Intrinsic Good

On March 20, 2012, in Commentary, Julia's Journey, Life, Personal, by Chris

There was a lot to be thankful for today. It’s the first day of Spring after the mildest Winter on record, Detroit had an 80 degree day in March, Julia celebrated her eighteen month birthday and I have the evening off!

For all of those great things, I am thankful. But I’m also finding myself pensive, a little crabby, and a little weepy – simply not knowing what to do with something that’s come to my attention. The only thing I’m sure of is that I cannot remain silent. And the risk for you, dear reader, is that even as I start this post, I’m not quite sure how I’m going to turn it around into something even remotely upbeat.

You might have seen the small seismic “ping” over social media a couple of weeks ago. It spoke of a paper from a mainstream academic journal making a philosophical case for (are you ready?) killing a newborn when its care would be an “unbearable burden” on the family or society as a whole.

I’ll let you sit with that for a minute.

I’ll also tell you that I am shifting in my seat as I write this knowing that, in your incredulity, you read that last paragraph more than once hoping it would come out different. Yep, their proposition would include and perhaps even single out children with special needs for infanticide. It would put yet another set of crosshairs on kids like Julia.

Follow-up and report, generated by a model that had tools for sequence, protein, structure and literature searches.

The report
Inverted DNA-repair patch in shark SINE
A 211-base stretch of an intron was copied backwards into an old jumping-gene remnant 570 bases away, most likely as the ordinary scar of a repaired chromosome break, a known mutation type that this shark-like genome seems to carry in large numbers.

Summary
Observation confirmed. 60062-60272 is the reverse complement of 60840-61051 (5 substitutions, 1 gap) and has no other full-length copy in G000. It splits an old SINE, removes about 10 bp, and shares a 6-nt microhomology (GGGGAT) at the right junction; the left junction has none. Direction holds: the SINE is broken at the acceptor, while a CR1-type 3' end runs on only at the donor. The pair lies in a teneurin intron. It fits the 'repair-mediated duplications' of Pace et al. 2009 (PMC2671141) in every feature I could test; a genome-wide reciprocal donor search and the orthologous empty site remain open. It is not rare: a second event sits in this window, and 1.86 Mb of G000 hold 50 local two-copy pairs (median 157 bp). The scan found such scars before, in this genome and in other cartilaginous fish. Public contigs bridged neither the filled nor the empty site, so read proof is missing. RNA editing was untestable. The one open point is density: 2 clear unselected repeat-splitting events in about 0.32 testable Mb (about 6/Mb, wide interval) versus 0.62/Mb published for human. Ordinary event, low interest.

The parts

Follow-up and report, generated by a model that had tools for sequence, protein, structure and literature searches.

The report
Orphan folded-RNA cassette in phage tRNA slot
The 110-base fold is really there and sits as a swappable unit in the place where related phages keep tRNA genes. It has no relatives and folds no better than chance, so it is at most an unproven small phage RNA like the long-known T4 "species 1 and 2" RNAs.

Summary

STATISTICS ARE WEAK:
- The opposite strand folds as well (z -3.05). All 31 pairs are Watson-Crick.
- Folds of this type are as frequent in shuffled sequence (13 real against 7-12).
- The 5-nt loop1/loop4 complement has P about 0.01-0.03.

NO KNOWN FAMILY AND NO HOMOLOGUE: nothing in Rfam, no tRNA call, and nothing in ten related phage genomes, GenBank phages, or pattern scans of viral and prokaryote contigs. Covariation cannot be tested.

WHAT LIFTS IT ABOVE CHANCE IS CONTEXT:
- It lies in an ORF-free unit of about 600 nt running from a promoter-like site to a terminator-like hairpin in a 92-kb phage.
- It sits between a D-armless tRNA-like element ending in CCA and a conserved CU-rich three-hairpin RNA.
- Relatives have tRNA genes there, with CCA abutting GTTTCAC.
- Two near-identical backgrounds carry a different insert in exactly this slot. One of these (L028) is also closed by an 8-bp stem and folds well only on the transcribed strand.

Believe it or not, when I saw the link to that article come up, I did what a lot of us do. I read the link description, scanned through some of the uniformly acidic comments of justified indignation, shook my head and moved on. And I pretty much forgot about it.

But when a friend of mine gave me a printout of the actual article about a week later, I got the horrible feeling that I wasn’t done with this. I couldn’t simply sit in my ignorance on the sidelines anymore. I would have to actually read it and take full responsibility for my revulsion. Even in situations where you know you are going to hate every minute of it, you can’t have any integrity in saying, “I disagree” without being able to say, “I understand.” So I read it. More than once.

Turns out the article was peer reviewed according to standards of the journal that published it. And the sad reality is that its propositions are not all that new or groundbreaking. The concept of infanticide is not a new one; nor is it outdated in its practice in some parts of the world. I already knew that and up to this moment have done very little.

I wanted to do due diligence and really hear more of the dissent and support for the article, so I clicked on the journal editor’s statement in defense of its publication and his indignation over multiple death threats that the paper’s authors had received. I got less than halfway through the comments by people way smarter than I (many of them really articulate) when I got to the heart of the matter – at least for me:

I’m just a dad who is often in way over his head when it comes to actually being a dad. But in my moments of clarity, I see intrinsic, inestimable worth and potential in my little girl.